When I saw the title on the email, I was intrigued. I thought, “A new client?” After all, that’s what we do, we help our clients grow their businesses, but I’d never had anyone approach me so directly before. Usually, the “grow the business” piece comes disguised in problems and challenges.
I opened the email only to be disappointed. Yes, you guessed it, an awful sales pitch! Probably hundreds of you received the same thing in LinkedIn yesterday.
The sales person very blatantly asks for our help in growing their business, meaning they want my money. At least I have to give them credit for being so bold and direct in their approach. Too often, it’s masked by some body saying they want to help me, they want to solve my problems, but they never take time to understand my problems, instead pitching a solution.
This email went on in its blatant pitch for its prospects to help the sales person’s company make money.
The sales person said she had carefully researched our business, knowing that we were “into web design development, graphics, and mobile application development.”
Hmm, was that in my profile? I don’t even know how to spell HTML5, scrum, or agile development. Couldn’t have been the blog site or the web site.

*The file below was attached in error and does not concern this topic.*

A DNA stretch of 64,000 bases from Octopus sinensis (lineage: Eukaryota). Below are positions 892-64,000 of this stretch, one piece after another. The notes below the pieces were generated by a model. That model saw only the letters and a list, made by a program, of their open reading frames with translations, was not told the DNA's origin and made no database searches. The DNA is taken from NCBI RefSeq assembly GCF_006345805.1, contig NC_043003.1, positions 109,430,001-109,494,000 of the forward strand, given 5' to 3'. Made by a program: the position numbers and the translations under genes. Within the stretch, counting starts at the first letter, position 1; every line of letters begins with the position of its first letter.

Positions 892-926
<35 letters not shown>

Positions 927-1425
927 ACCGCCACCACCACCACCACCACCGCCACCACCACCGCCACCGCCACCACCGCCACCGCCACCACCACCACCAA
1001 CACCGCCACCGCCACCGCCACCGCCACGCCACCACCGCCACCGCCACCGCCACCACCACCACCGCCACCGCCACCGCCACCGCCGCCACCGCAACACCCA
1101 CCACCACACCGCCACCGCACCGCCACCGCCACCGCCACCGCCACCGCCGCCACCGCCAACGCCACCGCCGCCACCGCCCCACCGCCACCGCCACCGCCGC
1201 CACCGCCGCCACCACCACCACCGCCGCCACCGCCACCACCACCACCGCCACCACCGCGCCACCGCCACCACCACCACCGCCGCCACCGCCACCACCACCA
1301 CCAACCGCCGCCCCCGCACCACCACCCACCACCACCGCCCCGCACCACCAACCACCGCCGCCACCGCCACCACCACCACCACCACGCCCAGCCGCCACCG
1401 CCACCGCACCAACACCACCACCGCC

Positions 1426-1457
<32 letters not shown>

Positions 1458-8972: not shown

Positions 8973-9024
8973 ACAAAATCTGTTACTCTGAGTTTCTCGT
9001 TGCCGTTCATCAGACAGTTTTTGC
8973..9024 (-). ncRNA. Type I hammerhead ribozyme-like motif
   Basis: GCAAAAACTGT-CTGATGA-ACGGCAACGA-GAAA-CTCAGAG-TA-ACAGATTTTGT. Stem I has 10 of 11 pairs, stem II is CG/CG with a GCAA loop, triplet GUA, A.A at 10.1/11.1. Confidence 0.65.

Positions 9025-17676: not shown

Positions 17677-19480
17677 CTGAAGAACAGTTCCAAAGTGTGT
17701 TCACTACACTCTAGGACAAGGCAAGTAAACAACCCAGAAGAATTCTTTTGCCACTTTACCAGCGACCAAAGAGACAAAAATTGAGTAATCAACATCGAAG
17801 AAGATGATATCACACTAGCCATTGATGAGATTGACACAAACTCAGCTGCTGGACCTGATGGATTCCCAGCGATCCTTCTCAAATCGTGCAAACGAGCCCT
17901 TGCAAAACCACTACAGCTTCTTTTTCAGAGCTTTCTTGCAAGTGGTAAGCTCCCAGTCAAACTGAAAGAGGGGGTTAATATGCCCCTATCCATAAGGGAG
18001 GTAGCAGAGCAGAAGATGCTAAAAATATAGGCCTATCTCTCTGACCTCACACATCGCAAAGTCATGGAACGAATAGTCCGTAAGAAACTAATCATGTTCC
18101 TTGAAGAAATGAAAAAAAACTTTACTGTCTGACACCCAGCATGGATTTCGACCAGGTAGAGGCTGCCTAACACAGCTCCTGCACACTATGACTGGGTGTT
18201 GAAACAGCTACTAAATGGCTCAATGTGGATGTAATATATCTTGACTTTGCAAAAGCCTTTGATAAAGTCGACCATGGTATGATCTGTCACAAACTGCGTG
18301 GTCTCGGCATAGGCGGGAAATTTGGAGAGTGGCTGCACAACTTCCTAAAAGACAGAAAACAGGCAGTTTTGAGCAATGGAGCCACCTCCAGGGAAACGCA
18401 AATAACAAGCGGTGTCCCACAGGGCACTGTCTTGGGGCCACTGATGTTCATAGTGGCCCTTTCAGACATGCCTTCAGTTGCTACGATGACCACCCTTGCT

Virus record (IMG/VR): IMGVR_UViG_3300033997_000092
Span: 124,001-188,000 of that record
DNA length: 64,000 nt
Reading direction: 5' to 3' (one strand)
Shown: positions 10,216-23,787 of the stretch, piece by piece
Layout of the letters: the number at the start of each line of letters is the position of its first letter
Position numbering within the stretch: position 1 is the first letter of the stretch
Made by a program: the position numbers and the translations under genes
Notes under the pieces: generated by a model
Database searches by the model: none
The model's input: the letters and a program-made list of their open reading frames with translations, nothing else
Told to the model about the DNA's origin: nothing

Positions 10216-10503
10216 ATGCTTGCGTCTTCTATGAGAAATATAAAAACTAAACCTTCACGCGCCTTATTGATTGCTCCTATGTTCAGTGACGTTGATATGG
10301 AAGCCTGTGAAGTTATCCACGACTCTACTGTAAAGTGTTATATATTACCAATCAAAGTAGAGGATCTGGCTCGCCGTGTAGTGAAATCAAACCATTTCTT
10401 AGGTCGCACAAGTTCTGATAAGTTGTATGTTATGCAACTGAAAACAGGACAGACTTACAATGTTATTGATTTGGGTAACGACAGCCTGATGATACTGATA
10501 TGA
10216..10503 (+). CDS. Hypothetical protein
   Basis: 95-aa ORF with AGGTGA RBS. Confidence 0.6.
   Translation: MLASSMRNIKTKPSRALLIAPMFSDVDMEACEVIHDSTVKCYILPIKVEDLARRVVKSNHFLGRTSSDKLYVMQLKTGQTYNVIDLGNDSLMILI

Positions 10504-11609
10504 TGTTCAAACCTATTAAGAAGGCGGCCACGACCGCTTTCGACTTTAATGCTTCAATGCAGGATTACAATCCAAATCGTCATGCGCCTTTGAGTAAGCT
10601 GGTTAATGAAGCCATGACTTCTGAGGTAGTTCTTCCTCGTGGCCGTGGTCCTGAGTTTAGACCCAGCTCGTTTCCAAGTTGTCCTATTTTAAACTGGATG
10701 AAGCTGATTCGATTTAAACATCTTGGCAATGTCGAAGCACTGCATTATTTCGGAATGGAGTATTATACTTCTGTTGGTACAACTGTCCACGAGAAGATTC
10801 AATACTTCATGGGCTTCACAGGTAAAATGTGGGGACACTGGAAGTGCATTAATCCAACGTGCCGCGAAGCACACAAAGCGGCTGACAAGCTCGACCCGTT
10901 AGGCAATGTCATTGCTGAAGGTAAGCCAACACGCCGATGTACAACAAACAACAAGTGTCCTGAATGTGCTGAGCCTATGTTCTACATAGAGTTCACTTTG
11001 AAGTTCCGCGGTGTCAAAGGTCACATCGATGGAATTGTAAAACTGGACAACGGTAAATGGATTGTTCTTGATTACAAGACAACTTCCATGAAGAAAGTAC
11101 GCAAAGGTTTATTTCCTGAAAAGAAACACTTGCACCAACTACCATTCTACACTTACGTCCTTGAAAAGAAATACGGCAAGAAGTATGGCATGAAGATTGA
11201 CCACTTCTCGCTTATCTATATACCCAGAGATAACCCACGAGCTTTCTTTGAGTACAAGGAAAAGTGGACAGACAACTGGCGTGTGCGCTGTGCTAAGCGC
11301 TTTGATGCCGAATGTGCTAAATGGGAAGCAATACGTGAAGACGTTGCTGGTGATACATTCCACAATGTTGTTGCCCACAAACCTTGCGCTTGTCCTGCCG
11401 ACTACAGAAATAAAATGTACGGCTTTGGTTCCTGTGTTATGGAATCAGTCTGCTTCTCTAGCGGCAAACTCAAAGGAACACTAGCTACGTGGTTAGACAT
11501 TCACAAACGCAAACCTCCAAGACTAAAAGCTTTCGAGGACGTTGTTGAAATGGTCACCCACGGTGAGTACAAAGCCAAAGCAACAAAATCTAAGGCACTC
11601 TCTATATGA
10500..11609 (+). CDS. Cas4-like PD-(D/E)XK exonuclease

Then I understood, that was their business, and they wanted me to give them money to support their business.
The sales person went on to describe all the things they did. Didn’t even try to describe what they could do for me or our business. The email was entirely focused on them, they even offered a model about how we could interview them about their business.
The sales person closed with, “We assure to have long term business relationship with you.” (Grammar not corrected.)
At least the sales person was very clear, she and her company were not concerned about me, my business, or even what we were trying to do. All she wanted was my money–and for a very long time.
Again, I have to give her credit for the novel and honest approach. It wasn’t cluttered with all the manipulation or tricks others try to pull, all in the guise of “we want to help you.” It was a simple, “Give me your money,” plea.
It was far better than being accosted on the street with “Give me your money,” or “Spare change.” At least I could report it as SPAM and block the sales person from my profile.